Seventh: Variables, expressions
Variables as names for values; named constants, expressions (logical and arithmetic) and their evaluation (associativity, operators, precedence). Assignment operation; difference between right hand side and left hand side of an assignment.
Eighth: Statements, scope
Statement; Conditional (if, if-else-if, if- else, ternary operator, switch case), , looping (while, for, do-while, break, continue); visibility and scope of variables, grouping statements in blocks.
Methods (as abstractions for complex user defined operations on objects), formal and actual arguments in methods, different behaviour of primitive arguments and object arguments. Static method and variables. The this variable. Examples of using methods for algorithmic problem solving (finding roots of algebraic equations, number problems etc.).
Tenth: Arrays, strings
Structured data types –arrays (single and multi-dimensional), strings, address calculations. Example algorithms that use structured data types (e.g. finding maximum/minimum, searching, solving systems of linear equations, sorting techniques, substring, concatenation, access to char in string, length, etc.).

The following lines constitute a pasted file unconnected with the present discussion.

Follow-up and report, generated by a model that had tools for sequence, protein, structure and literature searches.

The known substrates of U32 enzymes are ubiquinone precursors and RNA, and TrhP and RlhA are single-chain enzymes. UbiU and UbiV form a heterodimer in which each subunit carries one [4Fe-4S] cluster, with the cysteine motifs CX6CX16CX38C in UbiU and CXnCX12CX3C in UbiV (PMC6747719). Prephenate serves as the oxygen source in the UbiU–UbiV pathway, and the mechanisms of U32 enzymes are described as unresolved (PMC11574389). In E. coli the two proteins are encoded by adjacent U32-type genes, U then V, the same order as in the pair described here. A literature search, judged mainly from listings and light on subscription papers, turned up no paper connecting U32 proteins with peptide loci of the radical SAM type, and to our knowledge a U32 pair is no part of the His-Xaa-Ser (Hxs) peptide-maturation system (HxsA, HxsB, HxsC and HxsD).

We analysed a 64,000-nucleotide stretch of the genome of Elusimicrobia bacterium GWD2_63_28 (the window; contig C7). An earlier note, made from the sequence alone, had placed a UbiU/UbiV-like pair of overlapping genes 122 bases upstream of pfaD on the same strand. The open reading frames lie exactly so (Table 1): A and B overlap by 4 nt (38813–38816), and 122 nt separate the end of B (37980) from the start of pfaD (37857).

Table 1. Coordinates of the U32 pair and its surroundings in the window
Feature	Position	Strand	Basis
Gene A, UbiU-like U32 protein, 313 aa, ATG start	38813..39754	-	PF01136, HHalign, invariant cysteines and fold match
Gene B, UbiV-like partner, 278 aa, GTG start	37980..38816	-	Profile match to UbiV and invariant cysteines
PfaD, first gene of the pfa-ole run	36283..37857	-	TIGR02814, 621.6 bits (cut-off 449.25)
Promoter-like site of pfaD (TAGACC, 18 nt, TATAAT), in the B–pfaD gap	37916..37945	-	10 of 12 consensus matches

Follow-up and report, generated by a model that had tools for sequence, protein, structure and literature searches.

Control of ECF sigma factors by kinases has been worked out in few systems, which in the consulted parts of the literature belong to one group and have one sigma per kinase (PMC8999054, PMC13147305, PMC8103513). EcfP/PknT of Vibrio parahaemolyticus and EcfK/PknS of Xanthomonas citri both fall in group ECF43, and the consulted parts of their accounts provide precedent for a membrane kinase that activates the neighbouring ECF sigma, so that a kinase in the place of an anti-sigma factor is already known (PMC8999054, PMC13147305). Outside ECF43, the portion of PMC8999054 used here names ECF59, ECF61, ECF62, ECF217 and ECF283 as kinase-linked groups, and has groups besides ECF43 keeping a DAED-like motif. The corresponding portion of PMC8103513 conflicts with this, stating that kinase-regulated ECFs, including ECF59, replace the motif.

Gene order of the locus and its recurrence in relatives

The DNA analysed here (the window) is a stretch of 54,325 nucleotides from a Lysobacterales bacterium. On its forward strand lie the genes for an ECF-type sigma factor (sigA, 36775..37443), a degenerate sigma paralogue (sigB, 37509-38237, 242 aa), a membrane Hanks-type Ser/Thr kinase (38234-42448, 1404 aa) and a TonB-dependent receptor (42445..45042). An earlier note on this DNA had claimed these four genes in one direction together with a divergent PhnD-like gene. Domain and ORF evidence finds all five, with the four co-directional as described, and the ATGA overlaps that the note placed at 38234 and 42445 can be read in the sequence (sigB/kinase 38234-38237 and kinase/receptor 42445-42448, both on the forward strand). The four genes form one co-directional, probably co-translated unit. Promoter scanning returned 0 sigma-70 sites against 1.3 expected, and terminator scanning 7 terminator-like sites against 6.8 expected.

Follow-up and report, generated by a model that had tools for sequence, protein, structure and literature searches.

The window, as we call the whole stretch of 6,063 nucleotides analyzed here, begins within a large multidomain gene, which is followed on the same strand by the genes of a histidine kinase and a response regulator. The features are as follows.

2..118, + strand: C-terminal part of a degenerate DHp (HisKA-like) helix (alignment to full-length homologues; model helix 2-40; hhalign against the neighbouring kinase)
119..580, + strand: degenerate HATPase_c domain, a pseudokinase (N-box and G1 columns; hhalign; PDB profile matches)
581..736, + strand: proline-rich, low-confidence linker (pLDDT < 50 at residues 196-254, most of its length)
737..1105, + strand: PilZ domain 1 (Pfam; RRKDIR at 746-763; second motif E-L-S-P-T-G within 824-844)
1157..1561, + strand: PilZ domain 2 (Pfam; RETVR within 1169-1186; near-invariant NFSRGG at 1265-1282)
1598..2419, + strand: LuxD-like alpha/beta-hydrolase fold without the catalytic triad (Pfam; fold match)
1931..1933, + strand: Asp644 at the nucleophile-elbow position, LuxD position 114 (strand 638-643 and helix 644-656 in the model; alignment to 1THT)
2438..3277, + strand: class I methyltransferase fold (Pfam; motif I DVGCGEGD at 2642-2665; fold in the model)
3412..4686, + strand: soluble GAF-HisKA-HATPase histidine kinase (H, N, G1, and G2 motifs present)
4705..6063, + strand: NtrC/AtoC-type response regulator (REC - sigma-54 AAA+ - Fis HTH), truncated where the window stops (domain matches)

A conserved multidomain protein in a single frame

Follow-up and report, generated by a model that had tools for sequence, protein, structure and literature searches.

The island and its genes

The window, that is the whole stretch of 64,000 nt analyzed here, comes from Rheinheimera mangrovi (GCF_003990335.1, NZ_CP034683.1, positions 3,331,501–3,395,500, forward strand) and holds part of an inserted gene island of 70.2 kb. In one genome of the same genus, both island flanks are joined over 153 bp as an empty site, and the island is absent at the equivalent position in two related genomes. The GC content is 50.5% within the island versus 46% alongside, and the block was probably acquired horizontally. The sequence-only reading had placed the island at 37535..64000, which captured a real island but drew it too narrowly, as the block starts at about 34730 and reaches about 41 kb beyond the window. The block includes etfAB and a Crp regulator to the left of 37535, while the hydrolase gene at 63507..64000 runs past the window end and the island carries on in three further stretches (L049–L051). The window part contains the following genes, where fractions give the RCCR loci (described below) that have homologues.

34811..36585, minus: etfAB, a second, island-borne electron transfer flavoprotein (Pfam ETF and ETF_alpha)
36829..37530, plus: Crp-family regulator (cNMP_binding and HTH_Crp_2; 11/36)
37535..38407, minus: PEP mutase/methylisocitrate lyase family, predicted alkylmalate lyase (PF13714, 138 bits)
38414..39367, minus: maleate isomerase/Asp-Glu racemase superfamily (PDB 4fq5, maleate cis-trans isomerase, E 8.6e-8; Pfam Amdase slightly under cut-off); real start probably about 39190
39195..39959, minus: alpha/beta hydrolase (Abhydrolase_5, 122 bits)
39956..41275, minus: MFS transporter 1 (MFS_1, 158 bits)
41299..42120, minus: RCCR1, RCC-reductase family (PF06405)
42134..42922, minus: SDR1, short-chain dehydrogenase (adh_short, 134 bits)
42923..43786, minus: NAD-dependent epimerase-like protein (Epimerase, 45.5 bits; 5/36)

Concept of recursion, recursive methods – simple ones (e.g. binary search, factorial, GCD, conversion of representations of numbers between different bases).
Twelfth: Inheritance. Interfaces and polymorphism
Inheritance, super and derived classes; member access in derived classes; methods in subclasses and redefinition of variables; abstract classes; base and derived classes, protected visibility; class Object. Dynamic binding and Subclass polymorphism.
Interfaces in Java; interfaces for user defined implementation of behavior; implementing interfaces through a class.
Thirteenth: Data structures
Basic data structures (queue, stack, dequeue), implementation directly through classes; definition through an interface & multiple implementation by interface implementation. Conversion of Infix to Postfix and Prefix notations.
Single linked list (Algorithm and programming), tree traversals (Conceptual), binary trees.
Fourteenth: Complexity and big O notation
Concept of input size; Concrete computational complexity; estimating complexity in terms of methods; importance of dominant term; Constants worst, average and best case.
*For detailed and exact syllabus please refer to CISCE Website